This week, Congress continued the process of repealing the ACA through the budget-reconciliation process. After a vote-a-rama of various healthcare amendments by the Senate on Wednesday night and into the early morning hours on Thursday, it voted 51 to 48 to approve a budget resolution instructing the House and Senate to develop legislation to repeal the ACA. The only Republican to defect to the Democrats and vote against the budget resolution was Senator Rand Paul (KY). Last week, Paul was the lone Republican to vote with the Democrats in an initial vote of the budget process, on the basis that the budget resolution didn’t balance the budget. Earlier today, the House followed the Senate and voted 227-198 along party lines to advance the budget resolution, setting the stage for reconciliation to take place by instructing Congress to repeal budget-relevant parts of the Affordable Care Act.In a wide-ranging press conference on Wednesday, President-Elect Donald Trump suggested that there would be no lag time between a repeal of the ACA and enacting a replacement. Trump said, “We're going to be submitting, as soon as our secretary's approved, almost simultaneously, shortly thereafter, a plan. It will be repeal and replace. It will be essentially simultaneously. It will be various segments, you understand, but will most likely be on the same day or the same week, but probably the same day. Could be the same hour.” Trump did not provide details of the Republican plan, but asserted that it would be “far less expensive and far better.”
Trump’s statement has put increasing pressure on Republicans, who have wide disagreements over the timeline for repeal and replace of the law, and even greater disagreements over which of their plans will comprise the final replacement plan. This week, Senate Health, Education, Labor and Pensions (HELP) chairman Lamar Alexander (R-TN), arguably one of the more powerful voices in the healthcare-reform debate, outlined his thoughts on what should happen in the repeal/replace strategy, noting that, “It's not about developing a quick fix. It's about working toward a long-term recovery that works for everyone.” Alexander would prioritize stabilizing the insurance markets and not repealing any of the ACA’s subsidies or mandates until new market rules are in place. Additionally, House Republican Conference Chairwoman Cathy McMorris Rodgers (R-WA), the number four-ranked House Republican, pledged that “No one who has coverage because of Obamacare today will lose that coverage.”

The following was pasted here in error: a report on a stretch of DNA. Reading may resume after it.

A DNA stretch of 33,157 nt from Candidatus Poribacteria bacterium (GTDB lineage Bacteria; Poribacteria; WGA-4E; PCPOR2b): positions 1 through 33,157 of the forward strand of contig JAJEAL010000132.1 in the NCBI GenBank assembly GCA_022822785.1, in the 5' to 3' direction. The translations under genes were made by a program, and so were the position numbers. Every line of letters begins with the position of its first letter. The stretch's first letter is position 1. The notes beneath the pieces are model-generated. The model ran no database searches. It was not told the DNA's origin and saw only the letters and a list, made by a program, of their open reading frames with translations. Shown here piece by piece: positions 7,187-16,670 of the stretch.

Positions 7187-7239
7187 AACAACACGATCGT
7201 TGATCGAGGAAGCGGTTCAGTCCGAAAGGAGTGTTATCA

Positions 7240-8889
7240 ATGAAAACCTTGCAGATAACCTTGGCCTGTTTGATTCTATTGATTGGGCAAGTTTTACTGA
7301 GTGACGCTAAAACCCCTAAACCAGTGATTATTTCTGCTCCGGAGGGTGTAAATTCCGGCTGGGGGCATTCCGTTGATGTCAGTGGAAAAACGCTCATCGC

Mark Meadows (R-NC), chairman of the House Freedom Caucus, warned that the Freedom Caucus would need to agree on a replacement plan before voting on a repeal. The Freedom Caucus is comprised of several dozen of the most conservative House Republicans who have often voted against major Republican legislation in recent years for failing to adhere to their objectives, forcing more establishment Republicans to compromise with Democrats to get enough votes for key legislation to pass the House. Meanwhile, the New Democratic Caucus, a group of moderate Democrats, sent a letter to Republican leadership this week offering to work with them on the changes to health reform but urging them not to repeal protections against preexisting conditions, the Medicare prescription drug “donut hole” fix and other provisions.
This week, the Senate HELP Committee confirmed that it will be holding a courtesy hearing on January 18 for Representative Tom Price (R-GA), who is Trump’s nominee for HHS secretary. The hearing is non-binding as the Senate Finance Committee is charged with voting on Price’s nomination and processing his paperwork. There has not yet been a date announced for that hearing, nor has a hearing date been set for Trump’s nominee for CMS administrator, Seema Verma.
As Congress continues to hash out the details over the future of health reform, we encourage you to meet with your federal legislators when they are back in district. With the reconciliation repeal already moving forward, we urge you to focus your discussions on what would be the most useful budget-relevant policies to be repealed through the reconciliation process. We have prepared some talking points to assist in this effort. If you plan to meet with your member of Congress in the coming weeks, please let us know by emailing firstname.lastname@example.org so that we may provide additional talking points as needed.
Finally, as a reminder, if you have suggestions regarding our work with the Trump transition team and members of Congress on the future plans to reform the ACA, send your thoughts and ideas to ACAreform@nahu.org.